Whether you prefer sushi and sashimi or ramen and udon, Seattle has plenty of Japanese restaurants that will satisfy your cravings. Better yet, Seattle is home to some of the best Japanese chefs who have mastered the art of preparing the freshest local and regional fair that this region has to offer. From traditional to modern, the Japanese restaurants that make Seattle a richer place to dine are plentiful. Here are a few standouts that provide a wide range of styles and experiences.

Tsukushinbo (Photo: Jenise Silva)


Tsukushinbo
515 S. Main St.
>Seattle, WA 98104
(206) 467-4004

This gem of a Japanese restaurant can be found tucked away on an unassuming stretch of Main Street in the International District. This popular joint fills up quickly with Tsukushinbo believers at lunch and dinner time. The sushi bar that seats eight and the handful of tables that fill the rest of this restaurant are always packed with happy diners. Tsukushinbo offers daily specials that feature various takes on udon and ramen, but one of the most popular days at the restaurant is Friday, when they bust out the old school TokyoShoy ramen dish that includes gyoza and rice. Sushi and sashimi also shine at Tsukushinbo and if you are looking for a sushi roll you shouldn’t have any trouble finding one among their 17 rolls to satisfy your craving.

Maneki
304 6th Ave. S.
Seattle, WA 98104
(206) 622-2631
www.manekirestaurant.com

Talk about a classic. Maneki has been serving up some of the best Japanese fare in Seattle for 110 years. Clearly, they are doing something right. Maneki sits behind a modest storefront in the International District, but the food that is prepared here is anything but modest. The specialties on the menu are as delicious as they are extensive. The black cod collar miso competes with the chicken teriyaki and tempura, while the Sansai soba noodles compete with the sizzling pan fried udon noodles. In most competitions there are winners and losers, but in the case of Maneki all of the dishes are winners.

Shiro’s (Photo: Jenise Silva)


Shiro’s
2401 2nd Ave.
Seattle, WA 98121
(206) 443-9844
shiros.com

The line to get a seat at the sushi bar at Shiro’s starts forming outside this beloved Japanese restaurant about 30 minutes before its “open” sign is switched on. So if you want to dine on some of the freshest sushi in town, make sure to get an early jump on your evening plans or reserve a table in the dining room and head on over to this Belltown mainstay. To catch the action up close, grab a seat at the sushi bar and watch the masters at work as they prepare seafood that focuses on the best that nature provides including salmon, squid, clams and Pacific albacore tuna. You can enjoy the fresh taste of sushi and sashimi or satisfy your cravings for the sea with various offerings from the deep waters nearby including dishes like the Kani-Su (king crab in ponzu) and the Tako-Su (fresh octopus in ponzu or miso vinaigrette). Don’t worry, if you can’t make it early for the first seating Shiro’s serves until 10:30 p.m. every night.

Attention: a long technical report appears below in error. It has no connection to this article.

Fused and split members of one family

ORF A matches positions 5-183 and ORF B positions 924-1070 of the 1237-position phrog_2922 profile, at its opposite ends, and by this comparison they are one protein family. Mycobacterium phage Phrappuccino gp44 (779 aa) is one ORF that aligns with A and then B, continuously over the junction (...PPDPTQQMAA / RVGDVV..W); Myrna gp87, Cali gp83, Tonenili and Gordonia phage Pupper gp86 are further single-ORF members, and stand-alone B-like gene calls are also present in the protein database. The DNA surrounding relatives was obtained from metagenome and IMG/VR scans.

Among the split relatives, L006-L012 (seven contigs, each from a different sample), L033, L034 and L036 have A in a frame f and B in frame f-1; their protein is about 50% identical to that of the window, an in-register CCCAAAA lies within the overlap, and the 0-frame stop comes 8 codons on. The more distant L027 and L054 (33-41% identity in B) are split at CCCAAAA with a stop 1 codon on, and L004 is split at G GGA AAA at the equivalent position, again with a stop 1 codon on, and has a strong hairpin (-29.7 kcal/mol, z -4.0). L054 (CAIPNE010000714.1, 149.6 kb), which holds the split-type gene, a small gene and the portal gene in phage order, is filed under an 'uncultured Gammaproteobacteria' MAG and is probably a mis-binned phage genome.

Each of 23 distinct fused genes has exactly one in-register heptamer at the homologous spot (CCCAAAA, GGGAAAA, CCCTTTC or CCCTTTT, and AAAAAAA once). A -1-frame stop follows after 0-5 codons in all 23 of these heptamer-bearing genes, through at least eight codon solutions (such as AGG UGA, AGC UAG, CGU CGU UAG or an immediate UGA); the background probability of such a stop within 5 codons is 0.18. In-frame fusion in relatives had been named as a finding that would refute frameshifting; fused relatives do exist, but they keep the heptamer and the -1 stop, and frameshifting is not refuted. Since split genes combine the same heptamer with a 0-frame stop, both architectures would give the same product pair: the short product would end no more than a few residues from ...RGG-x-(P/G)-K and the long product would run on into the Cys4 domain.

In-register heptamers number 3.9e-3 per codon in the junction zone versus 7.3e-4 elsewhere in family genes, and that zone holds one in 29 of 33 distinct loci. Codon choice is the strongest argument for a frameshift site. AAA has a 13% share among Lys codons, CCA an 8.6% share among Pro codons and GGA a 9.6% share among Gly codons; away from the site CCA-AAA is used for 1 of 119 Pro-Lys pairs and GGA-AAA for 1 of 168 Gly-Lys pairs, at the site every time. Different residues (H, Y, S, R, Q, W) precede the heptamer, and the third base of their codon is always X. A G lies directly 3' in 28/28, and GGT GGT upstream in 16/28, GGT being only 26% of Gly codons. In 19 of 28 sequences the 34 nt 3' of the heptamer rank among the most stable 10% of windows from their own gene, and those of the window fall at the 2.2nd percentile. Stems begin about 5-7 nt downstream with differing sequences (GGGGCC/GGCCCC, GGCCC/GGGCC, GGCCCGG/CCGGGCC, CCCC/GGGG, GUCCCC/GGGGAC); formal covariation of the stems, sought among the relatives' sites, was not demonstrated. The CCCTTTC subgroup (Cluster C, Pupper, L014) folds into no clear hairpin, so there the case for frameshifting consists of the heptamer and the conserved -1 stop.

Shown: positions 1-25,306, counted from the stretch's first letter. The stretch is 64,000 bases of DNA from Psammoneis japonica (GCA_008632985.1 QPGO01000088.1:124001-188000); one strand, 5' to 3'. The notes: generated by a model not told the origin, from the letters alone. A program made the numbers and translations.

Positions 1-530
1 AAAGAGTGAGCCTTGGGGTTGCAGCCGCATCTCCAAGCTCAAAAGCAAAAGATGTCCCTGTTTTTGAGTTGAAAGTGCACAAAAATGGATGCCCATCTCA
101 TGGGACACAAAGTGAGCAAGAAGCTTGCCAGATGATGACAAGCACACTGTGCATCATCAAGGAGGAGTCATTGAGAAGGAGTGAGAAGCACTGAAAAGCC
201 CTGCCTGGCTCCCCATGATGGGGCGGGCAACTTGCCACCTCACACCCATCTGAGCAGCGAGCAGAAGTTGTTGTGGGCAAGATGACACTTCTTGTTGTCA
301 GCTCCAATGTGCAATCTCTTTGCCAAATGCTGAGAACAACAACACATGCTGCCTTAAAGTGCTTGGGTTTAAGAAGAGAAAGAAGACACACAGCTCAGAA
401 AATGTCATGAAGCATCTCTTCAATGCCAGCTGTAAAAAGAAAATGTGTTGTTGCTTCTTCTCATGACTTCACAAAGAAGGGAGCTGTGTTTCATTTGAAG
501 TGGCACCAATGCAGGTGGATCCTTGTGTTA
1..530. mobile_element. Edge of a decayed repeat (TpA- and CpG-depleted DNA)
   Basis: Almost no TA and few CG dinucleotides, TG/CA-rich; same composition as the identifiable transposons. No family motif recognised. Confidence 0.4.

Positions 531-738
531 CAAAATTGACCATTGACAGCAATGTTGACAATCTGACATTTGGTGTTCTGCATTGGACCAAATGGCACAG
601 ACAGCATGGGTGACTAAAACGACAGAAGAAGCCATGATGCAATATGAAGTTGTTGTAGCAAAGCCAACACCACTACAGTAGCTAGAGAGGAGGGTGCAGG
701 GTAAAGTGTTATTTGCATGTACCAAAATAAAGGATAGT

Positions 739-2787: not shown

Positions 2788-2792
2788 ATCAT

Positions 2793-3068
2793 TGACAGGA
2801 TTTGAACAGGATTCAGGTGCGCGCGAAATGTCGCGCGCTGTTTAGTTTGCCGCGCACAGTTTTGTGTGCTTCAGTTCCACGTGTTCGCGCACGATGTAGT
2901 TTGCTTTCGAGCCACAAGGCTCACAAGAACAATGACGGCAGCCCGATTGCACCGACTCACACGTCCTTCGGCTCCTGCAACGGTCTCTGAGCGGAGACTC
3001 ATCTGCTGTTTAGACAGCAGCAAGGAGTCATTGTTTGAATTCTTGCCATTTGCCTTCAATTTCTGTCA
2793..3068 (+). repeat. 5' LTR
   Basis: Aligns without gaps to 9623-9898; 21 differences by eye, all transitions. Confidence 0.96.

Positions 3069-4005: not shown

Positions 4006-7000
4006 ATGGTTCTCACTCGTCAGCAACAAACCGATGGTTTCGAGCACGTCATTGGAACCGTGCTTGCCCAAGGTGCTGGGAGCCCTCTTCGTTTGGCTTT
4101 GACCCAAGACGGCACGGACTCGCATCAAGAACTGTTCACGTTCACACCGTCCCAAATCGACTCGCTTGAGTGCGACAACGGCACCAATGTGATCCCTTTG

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Naka
1449 E. Pine St.
Seattle, WA 98122
(206) 294-5230
www.nakaseattle.com

This newcomer has leapt to the top of the many Seattle diner’s bucket lists. Known for its kaiseki menu, diners put themselves in the hands of Chef Shota for a luxurious, fully prepared dining experience. In fact, one customized kaiseki experience is so involved you have to order it one week in advance. If planning is not your thing, Naka also offers up plenty of fare that shows off the skills of Chef Shota including the chicken nyumen noodles braised in dashi and the wagyu tartare tossed in yuzu aioli. If you want to know how braised pork belly tastes after being braised in sharp soy sauce for six hours, Naka has you covered there as well.

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Jenise Silva is a freelance writer in Seattle who has studied culinary, visual and performing arts. She penned the financial planning guide Women & Money, and has been writing about food and the arts for a number of years. Her work can be found at Examiner.com.

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